Suppose you’re considering breast reconstruction, whether with an implant or a flap, you should be aware that reconstruction seldom prevents breast cancer from returning. When selecting whether or not to get breast reconstruction, you should not consider this a significant risk.

Here are a few things to consider:

  • You may have the option of having breast reconstruction done at the same time as the mastectomy (immediate reconstruction) or later (late reconstruction) (delayed reconstruction).
  • Some women prefer not to make reconstruction selections while undergoing treatment for breast cancer. If this is the case, you may want to postpone reconstruction until after your breast cancer surgery.
  • You may not want to have any more surgery than is necessary.
  • Reconstructive surgery isn’t always a complete success, and the end outcome may not be what you hoped for.
  • Your breast and any regions where the tissue was relocated to produce the new breast mound, such as the buttocks, abdomen, or back, will have scars from the cancer surgery and reconstruction surgery.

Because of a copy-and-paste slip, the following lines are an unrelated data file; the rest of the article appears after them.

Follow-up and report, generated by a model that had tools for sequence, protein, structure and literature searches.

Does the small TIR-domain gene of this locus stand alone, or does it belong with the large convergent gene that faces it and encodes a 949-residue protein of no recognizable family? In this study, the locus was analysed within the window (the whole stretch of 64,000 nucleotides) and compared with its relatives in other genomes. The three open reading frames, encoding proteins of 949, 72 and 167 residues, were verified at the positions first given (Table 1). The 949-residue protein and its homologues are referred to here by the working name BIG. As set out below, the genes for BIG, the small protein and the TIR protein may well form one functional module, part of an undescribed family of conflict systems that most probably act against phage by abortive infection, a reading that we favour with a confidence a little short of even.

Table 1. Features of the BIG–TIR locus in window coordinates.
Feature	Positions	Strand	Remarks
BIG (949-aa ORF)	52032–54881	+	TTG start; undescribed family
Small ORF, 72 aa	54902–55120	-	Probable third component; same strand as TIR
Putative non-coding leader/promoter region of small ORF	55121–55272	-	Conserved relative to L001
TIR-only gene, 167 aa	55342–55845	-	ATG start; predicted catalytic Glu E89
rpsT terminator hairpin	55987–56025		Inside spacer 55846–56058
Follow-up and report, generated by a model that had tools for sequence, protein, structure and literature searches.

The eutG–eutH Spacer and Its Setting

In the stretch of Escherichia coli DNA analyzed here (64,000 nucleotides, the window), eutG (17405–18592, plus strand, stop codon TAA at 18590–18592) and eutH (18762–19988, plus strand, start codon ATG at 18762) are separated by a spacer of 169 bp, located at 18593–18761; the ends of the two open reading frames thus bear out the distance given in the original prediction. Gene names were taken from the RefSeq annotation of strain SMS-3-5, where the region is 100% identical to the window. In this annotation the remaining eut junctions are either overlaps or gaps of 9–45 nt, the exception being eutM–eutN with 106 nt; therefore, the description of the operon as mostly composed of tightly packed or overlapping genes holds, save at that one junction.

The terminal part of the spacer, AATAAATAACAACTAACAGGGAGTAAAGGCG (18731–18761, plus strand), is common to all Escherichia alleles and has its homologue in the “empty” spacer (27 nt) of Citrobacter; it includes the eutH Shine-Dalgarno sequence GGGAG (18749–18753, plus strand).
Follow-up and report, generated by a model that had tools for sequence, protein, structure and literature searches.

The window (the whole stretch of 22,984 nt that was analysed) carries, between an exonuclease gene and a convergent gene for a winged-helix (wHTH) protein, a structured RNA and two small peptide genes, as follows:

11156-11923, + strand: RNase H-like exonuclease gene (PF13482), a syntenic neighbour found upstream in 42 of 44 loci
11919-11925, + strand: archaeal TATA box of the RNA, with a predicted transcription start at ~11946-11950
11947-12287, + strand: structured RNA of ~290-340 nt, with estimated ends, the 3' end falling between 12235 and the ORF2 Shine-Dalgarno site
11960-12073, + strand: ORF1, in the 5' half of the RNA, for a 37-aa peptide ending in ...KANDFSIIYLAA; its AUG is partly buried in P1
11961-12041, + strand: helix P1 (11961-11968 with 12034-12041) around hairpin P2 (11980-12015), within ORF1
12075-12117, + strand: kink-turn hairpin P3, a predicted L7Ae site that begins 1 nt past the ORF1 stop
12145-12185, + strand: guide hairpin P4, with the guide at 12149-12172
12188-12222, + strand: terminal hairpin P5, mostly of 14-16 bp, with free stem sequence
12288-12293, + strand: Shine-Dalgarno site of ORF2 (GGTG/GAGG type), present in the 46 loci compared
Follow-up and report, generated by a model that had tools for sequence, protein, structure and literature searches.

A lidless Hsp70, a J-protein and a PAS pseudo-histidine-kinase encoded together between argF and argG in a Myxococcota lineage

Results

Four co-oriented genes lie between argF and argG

• A breast that has been rebuilt will not have the same sensations as a natural breast. It may have little or no sensation at times. The donor sites from which tissue was obtained to reconstruct the breast may also lose feeling. The skin may get more sensitive over time, but it will never feel the same as it did before the procedure.
  • If you bleed or scar more than other people, you may have additional problems.
  • After reconstructive surgery, breast skin or flaps may not survive. Necrosis is the medical term for tissue death. If this occurs, healing is slowed, and further surgery is frequently required to correct the condition.
  • Previous surgery, chemotherapy, or radiation therapy may have hampered healing. Smoking, diabetes, certain medications, and other conditions can all alter it.
  • Mumbai-based plastic surgeon- Dr. Leena Jain, advises delaying repair, especially if you smoke or have other health issues. To allow for better recovery, it’s essential to stop smoking at least two months before reconstructive surgery. If you are fat, too thin, or have blood circulation issues, you may not be able to have reconstruction at all.
  • Your surgeon may recommend reshaping your other breast to match the restored one. This could entail surgically elevating the breast or lowering or expanding its size.
  • If a woman knows she will need radiation as part of her treatment when she is diagnosed, the types of urgent reconstruction surgery she can have may be limited. Specific methods of reconstruction performed before radiation can cause complications and reduce the likelihood that the reconstructed breast will seem and feel as natural as possible after the radiation. Before surgery, talk to your surgeon about your best options.
  • Being aware of your reconstruction alternatives before surgery will help you set more reasonable expectations for the results.